1.  The e. e. cummings poem [little tree].  I carefully typed it out (on a manual typewriter, people, because this was the 1970s), rolled it up and put some red ribbon around it, and snuck it into her violin case during the school Christmas concert, as we called it back then.  The second grade classes were always assigned to sing a couple of  Hanukkah songs, but that's about as far as our acknowledgement that not everyone was Christian went.    I still use this poem, because it's awfully sweet without being drivel, and it's not as overdone as holiday songs, but you could adapt this to your recipient.  You also don't have to type it.  Computer is fine.  Or calligraphy, if that's how you roll.

2.  Five Minute Fudge.  Which is a bit of a misnomer, since you boil it for five minutes, but it takes approximately three lifetimes for it to reach the boiling point.  Still, it's a lot simpler than "true" fudge, and even if you have to go out and buy the ingredients, it's still going to be cheaper than, say, two pieces of Moonstruck or Godiva.  Added bonus: if you eat a few of the squares, nobody has to know.

3.  Snowflake blitz.  This is one I developed as an adult, but it's still one of the ones I use every single time.  Teachers have doors, secretaries have desks--whatever flat surface your giftee sees often can be absolutely plastered with paper snowflakes sometime when they're not around.  I usually do this one first, so they can enjoy it all week.  Go fancy if you want, or even use the power of the internet to figure out how to make themed snowflakes that relate to your person's interests.  Enlist helpers if you can't get there when your person's not there--having a crew of random people walk up to their space and start taping snowflakes everywhere is an experience in itself.  Don't forget to also take charge of the clean-up!  

4.  Fancy tea-time.  I stole this one from a Secret Santa even when I was teaching overseas.  During one teacher's break time, some students trooped in with a candle, a sprig of holly in a vase, a cup of piping hot tea, and a paper doily to put it all on.  Depending on where you work, the candle may or may not be allowed, but the rest of it is fine.  The Santa didn't even have to give away anything but the tea--the students came back at the end of the period to tidy everything up.  The guy who was on the receiving end loved it, and it encouraged him to use his break time to actually sit quietly and relax instead of frantically grading papers.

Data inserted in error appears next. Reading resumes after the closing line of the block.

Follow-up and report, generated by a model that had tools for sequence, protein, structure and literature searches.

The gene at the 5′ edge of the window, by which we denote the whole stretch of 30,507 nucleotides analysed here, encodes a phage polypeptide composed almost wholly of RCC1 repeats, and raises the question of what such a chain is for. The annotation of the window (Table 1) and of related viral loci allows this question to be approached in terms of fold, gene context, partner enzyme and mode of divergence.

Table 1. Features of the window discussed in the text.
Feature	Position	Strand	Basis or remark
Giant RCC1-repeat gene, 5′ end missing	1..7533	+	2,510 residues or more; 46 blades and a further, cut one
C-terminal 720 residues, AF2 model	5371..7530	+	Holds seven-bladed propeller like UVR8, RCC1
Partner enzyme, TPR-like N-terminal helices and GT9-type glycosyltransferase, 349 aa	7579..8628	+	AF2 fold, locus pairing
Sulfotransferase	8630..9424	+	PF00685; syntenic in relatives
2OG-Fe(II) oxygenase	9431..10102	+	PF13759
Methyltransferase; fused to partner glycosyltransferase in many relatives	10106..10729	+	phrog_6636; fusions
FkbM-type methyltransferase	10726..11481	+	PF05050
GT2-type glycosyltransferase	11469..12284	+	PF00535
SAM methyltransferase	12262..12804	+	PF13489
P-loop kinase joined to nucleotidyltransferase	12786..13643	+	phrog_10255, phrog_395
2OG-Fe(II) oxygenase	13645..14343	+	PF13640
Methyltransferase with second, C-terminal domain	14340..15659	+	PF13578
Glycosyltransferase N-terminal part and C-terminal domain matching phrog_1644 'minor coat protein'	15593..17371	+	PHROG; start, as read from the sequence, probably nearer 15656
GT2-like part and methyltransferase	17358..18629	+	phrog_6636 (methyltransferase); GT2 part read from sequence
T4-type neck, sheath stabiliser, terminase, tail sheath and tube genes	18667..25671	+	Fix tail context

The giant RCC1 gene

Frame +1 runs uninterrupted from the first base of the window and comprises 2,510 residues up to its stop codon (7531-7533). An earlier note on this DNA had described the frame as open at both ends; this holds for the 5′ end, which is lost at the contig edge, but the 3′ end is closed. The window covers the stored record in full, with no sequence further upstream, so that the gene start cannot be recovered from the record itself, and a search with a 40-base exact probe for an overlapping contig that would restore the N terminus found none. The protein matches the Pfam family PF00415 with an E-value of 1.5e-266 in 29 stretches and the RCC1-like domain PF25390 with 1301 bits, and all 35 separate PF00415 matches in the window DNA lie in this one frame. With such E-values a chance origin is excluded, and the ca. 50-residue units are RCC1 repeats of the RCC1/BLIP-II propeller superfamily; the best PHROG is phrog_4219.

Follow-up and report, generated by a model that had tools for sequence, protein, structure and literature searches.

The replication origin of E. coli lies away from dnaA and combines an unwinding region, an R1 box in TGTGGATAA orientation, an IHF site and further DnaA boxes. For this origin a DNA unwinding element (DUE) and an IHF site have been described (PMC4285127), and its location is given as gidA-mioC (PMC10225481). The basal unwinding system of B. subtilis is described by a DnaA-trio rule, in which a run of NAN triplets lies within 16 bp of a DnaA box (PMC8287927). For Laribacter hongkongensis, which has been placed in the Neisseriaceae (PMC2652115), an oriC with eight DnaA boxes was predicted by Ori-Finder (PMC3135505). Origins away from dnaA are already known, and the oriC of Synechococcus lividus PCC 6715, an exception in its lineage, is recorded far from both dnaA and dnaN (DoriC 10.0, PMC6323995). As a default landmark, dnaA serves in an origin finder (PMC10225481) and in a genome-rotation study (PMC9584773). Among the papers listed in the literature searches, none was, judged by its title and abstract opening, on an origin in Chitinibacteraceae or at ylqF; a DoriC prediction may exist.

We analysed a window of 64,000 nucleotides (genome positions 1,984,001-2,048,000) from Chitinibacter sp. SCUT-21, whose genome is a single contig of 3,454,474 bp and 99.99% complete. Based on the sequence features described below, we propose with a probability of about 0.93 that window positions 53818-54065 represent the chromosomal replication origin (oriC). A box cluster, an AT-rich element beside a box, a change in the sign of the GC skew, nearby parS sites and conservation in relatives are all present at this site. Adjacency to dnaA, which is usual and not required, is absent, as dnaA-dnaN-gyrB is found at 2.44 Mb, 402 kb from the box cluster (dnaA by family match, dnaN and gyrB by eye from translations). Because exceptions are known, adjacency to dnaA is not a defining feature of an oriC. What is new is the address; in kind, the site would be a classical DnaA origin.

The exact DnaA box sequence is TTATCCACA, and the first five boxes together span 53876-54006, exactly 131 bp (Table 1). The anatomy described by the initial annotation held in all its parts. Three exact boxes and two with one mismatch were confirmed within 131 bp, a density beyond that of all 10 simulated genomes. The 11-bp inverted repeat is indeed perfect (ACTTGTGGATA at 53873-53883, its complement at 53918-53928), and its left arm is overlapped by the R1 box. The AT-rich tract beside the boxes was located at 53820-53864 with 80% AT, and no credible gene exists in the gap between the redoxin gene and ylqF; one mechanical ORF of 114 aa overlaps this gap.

5.  Washi tape office set. Okay, so this isn't actually free.  It was sort of free the year I did it because I was using the materials for another project already, so I just used leftovers.  I got a composition book at Dollar Tree, cleaned and stripped the paper off an empty can of beans, and grabbed some wooden clothes pins.  I then covered everything with patterned tape in matching shades.  I might have put magnet strips on the clothes pins as well, or made little tags on pens or pencils.  You get the idea.




I firmly believe that White Elephant and Secret Santa gifts should not break the budget.  The point is to have fun and spread cheer, not to spend EVEN MORE MONEY on people you AREN'T EVEN RELATED TO.  Still, most exchanges have the expectation of a slightly bigger final gift.  This is probably a piece of cake (hey!  that's a gift idea too!) if you are actually friends with your person, but I've had several exchanges with people I couldn't pick out of a line-up, so it's good to have some more general ideas too.  Well, I have a super easy out for most of these things, what with being married to a winemaker, but there are other things one can do.  (Besides--and this is weird--not everyone likes wine.  Huh.)

1.  Speaking of wine, the BEST Secret Santa gift I remember getting were this set of wine "charms."
They actually are silicone, and they wrap around the stem of the glass, then the end slips through the center of the flower.  No clinking, easy to see and differentiate, and they are really pretty.  We actually  just keep them on the glasses all the time.  If I knew my recipient drank wine at all, I'd definitely consider these.

2.  If there's a price expectation of $10-$20, get a few $5 gift cards.  Enough for, say, one car wash, one cup of coffee, and one sandwich.  If it's a work-based exchange, get them at the local places so you know they will be convenient even if you live in different parts of town.

3.  A book.  Duh.

4.  This is more of a un-suggestion, but I'm going to go out on a limb here and say that unless the person has made it clear that they DO want them, don't give ornaments or mugs.  Because I'll be damned if I ever need another one of either of those.   I'd also avoid anything scented unless you've been offered pretty specific parameters.  
Except this Sandra Boynton mug.  It is always appropriate to give this mug.

5.  Cookies in a jar.  I seriously wish more people would do this for me.  It's a treat, but I don't have to eat it right in the middle of the season of All Treats All The Time.  It combines the simplicity of a mix with the deliciousness of homemade.  And I'm no fan of trend overkill, but this is one case in which it actually makes sense to break out the mason jars.  
And if it's for me, you don't need to fuss around with cute labels and pretty tops.  Just give me the damn ingredients.
Do you do Secret Santa exchanges?  Have you ever gotten a fabulous little gift from a near-stranger? (I actually know the person who gave me those wine charms quite a bit better now, but at the time, we'd barely even spoken.)  Which of these would you most like to receive?  MEN--are all of these too girly?  I really tried to not make it like that, but, well, I'm kind of a girl, so it's my default.